Hi there.  This is Fisheye.

There have been a couple generations of GUIs for yt.  The first one was called
"Reason" and depended on wxPython.  wxPython was relatively easy to install on
most systems, but it was (and still is!) kind of a pain to program for.  It's
still included with yt, but it's mostly bitrot and I'm not sure it's functional
anymore.  It did some neat things -- you could draw spheres and make histograms
from those spheres, and you could link plots and drag them around and whatnot.
What actually ended up killing Reason was the fact that I just never used it.
It was heavyweight, and I didn't really want to use it.

The second generation never really made it off the ground -- I wrote about 50%
of a "Reason v2" that was based on wxPython *or* Qt, and used Traits by
Enthought as a backend.  It was nice, but using Traits in just a GUI setting as
opposed to threading the entire code (something I wasn't willing to do) made it
a bit of an awkward solution.  Still, it was able to use VTK for isocontours
and cutting planes, which was nice.  The 2D plotting never really came up to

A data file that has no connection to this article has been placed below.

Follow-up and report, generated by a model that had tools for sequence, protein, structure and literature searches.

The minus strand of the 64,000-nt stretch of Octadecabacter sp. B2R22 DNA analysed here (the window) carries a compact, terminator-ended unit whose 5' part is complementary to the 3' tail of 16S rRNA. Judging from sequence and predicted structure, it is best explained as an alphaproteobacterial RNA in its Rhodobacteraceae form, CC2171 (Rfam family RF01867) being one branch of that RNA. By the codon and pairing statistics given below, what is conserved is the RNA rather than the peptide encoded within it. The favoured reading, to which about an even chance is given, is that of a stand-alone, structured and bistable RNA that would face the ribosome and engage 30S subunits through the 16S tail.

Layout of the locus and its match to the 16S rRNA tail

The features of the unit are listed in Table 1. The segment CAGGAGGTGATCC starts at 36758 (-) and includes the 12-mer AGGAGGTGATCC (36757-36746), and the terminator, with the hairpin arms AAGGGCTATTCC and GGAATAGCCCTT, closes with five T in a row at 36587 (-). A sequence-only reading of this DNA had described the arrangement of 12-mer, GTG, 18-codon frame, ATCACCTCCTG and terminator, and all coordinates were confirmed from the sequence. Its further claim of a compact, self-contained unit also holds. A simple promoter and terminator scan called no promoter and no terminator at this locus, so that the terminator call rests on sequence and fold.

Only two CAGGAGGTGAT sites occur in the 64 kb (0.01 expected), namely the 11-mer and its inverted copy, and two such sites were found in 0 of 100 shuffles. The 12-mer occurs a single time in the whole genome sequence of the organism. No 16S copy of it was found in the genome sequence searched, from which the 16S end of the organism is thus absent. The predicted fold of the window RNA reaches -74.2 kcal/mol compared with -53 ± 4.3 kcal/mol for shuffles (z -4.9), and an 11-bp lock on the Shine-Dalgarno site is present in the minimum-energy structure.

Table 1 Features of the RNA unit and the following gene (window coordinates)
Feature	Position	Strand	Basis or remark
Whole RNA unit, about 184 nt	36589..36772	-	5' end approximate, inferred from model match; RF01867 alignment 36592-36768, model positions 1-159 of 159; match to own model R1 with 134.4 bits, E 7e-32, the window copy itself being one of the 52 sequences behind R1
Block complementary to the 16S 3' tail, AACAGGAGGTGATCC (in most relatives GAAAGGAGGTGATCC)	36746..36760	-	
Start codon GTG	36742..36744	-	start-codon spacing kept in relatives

Then, I made a couple tiny GUIs.  These will probably persist -- they're either
Traits-based (like the Chaco GUI that presents a Google Maps style interface to
the data) or GLUT-based (like the various small volume renderers and grid
browsers and image viewers.)

At the Enzo Workshop in 2010, Tom suggested I try to replicate the Jacques GUI
in Python.  We looked at FLTK first, but I couldn't get it to compile, and the
Python bindings were a little out of date.  But, Tkinter comes with Python!  It
doesn't always build, particularly if the Tk library isn't on the system, but
it mostly works.

Fisheye will be very simple.  It'll do small bits and pieces, it'll be very
stateful, and it'll try to keep it all short and sweet.  And maybe someday
it'll be killed by Reason, when Reason can be written to have fewer
dependencies and be more maintainable.

For now we'll develop it outside the yt repo, so feel free to fork the
repository and make changes and make pull requests.

-Matt, July 2010